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Visualization in Science and Math

June 30, 2016

My thought processes fall into two modes. As a background process, I often churn abstract ideas in my brain for days, or weeks, at a time. However, when my thoughts are directed at more concrete ideas, I need to scratch things out with pencil and paper. In this, I'm following in the tradition of Leonardo da Vinci, who left voluminous notebooks filled with drawings. One example is his helicopter, also called his air screw, as shown in the figure.

Leonardo da Vinci's helicopter

Leonardo da Vinci's helicopter.

Da Vinci, who was a keen observer of nature, may have gotten the idea for this "air screw" from the winged seeds of trees such as the maple.

(Wikimedia Commons image.)

A 2011 article in Science by Shaaron Ainsworth of the University of Nottingham (Nottingham, UK), Vaughan Prain of La Trobe University (Bendigo, Australia), and Russell Tytler of Deakin University (Waurn Ponds, Australia), cites further examples in the notebooks of Michael Faraday and James Clerk Maxwell. Since scientists use visual representations to innovate and test new ideas, these authors propose that students of science would be more engaged if their courses had less of an emphasis on rote learning, instead having the students sketch scientific principles.[1]

Electronic engineers specializing in analog circuit design are always sketching circuit diagrams in notebooks, and often on tablecloths and napkins during luncheon meetings. Organic chemists are always sketching potential molecular configurations. Roald Hoffmann, who was awarded the 1981 Nobel Prize in Chemistry, has given many examples of molecular structures in his frequent articles in American Scientist.[2-3]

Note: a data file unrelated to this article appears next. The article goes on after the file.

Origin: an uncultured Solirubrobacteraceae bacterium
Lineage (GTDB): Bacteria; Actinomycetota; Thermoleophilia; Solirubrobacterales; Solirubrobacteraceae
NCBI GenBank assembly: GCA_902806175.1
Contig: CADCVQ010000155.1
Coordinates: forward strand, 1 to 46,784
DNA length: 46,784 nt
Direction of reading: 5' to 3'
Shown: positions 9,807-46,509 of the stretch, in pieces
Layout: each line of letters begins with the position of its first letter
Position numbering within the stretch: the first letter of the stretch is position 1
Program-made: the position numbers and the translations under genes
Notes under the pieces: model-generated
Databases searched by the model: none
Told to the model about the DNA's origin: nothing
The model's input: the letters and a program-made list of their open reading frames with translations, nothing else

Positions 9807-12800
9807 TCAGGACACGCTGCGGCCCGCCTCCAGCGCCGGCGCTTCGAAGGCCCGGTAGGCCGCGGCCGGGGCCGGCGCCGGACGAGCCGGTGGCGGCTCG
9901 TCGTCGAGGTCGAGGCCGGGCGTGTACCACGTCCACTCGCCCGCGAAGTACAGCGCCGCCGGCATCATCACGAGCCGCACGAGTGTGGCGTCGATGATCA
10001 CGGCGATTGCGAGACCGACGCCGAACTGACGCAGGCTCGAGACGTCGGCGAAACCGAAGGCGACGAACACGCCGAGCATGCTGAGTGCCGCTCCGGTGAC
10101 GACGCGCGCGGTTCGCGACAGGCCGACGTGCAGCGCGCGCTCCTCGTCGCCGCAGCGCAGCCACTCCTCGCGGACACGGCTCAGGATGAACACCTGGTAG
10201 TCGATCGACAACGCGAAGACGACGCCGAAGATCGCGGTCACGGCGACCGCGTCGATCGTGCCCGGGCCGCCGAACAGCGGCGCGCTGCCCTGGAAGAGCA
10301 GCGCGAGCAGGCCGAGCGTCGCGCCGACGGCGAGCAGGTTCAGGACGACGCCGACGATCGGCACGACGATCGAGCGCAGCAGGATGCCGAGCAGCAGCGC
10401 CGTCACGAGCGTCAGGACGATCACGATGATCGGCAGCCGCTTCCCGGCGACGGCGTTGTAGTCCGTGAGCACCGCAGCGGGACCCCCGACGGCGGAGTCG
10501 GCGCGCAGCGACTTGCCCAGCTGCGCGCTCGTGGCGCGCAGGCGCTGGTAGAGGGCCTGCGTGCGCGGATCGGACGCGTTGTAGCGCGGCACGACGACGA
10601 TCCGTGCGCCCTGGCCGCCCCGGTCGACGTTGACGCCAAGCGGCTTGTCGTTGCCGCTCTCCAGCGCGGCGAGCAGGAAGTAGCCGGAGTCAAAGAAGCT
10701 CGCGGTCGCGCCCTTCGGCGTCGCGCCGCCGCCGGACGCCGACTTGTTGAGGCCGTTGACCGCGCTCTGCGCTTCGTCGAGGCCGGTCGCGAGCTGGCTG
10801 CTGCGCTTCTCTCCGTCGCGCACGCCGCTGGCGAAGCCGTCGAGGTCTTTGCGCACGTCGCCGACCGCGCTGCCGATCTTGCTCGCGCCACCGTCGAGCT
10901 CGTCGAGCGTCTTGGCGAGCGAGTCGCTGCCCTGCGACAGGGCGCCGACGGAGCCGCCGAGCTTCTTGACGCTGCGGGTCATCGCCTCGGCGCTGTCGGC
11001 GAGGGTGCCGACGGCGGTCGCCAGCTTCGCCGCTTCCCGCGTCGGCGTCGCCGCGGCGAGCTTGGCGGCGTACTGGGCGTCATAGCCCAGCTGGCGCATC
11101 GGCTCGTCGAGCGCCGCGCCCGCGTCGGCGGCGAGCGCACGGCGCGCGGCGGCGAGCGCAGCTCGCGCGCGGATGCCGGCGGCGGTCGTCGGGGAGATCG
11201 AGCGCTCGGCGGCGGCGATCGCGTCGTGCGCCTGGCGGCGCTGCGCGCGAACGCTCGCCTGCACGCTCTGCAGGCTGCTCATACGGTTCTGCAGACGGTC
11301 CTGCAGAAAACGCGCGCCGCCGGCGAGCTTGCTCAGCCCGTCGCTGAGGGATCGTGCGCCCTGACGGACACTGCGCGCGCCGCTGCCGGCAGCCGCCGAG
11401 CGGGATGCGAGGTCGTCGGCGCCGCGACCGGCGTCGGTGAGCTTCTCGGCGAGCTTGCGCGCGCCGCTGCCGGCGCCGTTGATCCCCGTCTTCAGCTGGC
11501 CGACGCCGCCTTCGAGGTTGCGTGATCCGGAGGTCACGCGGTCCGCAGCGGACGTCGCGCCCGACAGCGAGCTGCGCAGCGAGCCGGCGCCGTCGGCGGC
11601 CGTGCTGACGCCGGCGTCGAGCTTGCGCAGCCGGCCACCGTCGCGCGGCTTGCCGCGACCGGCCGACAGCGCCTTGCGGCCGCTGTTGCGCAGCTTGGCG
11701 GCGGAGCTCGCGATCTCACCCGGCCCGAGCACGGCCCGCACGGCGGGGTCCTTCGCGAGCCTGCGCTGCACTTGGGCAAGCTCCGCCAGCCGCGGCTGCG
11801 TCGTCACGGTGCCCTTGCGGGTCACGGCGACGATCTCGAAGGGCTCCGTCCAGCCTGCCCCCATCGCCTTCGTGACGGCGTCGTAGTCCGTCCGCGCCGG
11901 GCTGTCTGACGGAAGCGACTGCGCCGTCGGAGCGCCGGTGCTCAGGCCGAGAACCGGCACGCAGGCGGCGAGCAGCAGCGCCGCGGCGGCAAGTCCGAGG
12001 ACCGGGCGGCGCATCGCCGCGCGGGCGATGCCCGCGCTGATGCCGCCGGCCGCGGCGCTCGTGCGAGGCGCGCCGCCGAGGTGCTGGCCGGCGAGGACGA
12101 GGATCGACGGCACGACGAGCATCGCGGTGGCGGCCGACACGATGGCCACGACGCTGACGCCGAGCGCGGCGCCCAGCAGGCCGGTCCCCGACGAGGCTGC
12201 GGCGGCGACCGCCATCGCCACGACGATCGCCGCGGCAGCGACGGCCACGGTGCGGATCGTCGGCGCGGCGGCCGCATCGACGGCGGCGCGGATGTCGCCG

Nobel Chemistry laureate, Roald Hoffmann

Nobel Chemistry laureate, Roald Hoffmann, holding a ball-and-stick model of a crystal.

Such models have been guiding chemists since the discovery of the atomic nature of matter.

One prominent example is the elucidation of the molecular structure of DNA by James Watson and Francis Crick.

(Via Wikimedia Commons.)

While geometry, existing for more than two millennia, has always been a visual part of mathematics, it wasn't until the invention of the Cartesian coordinate system by René Descartes in 1637 that nearly every part of mathematics became visual. This Cartesian visualization assisted Isaac Newton and Gottfried Wilhelm Leibniz in their development of calculus in the 17th century (see figure).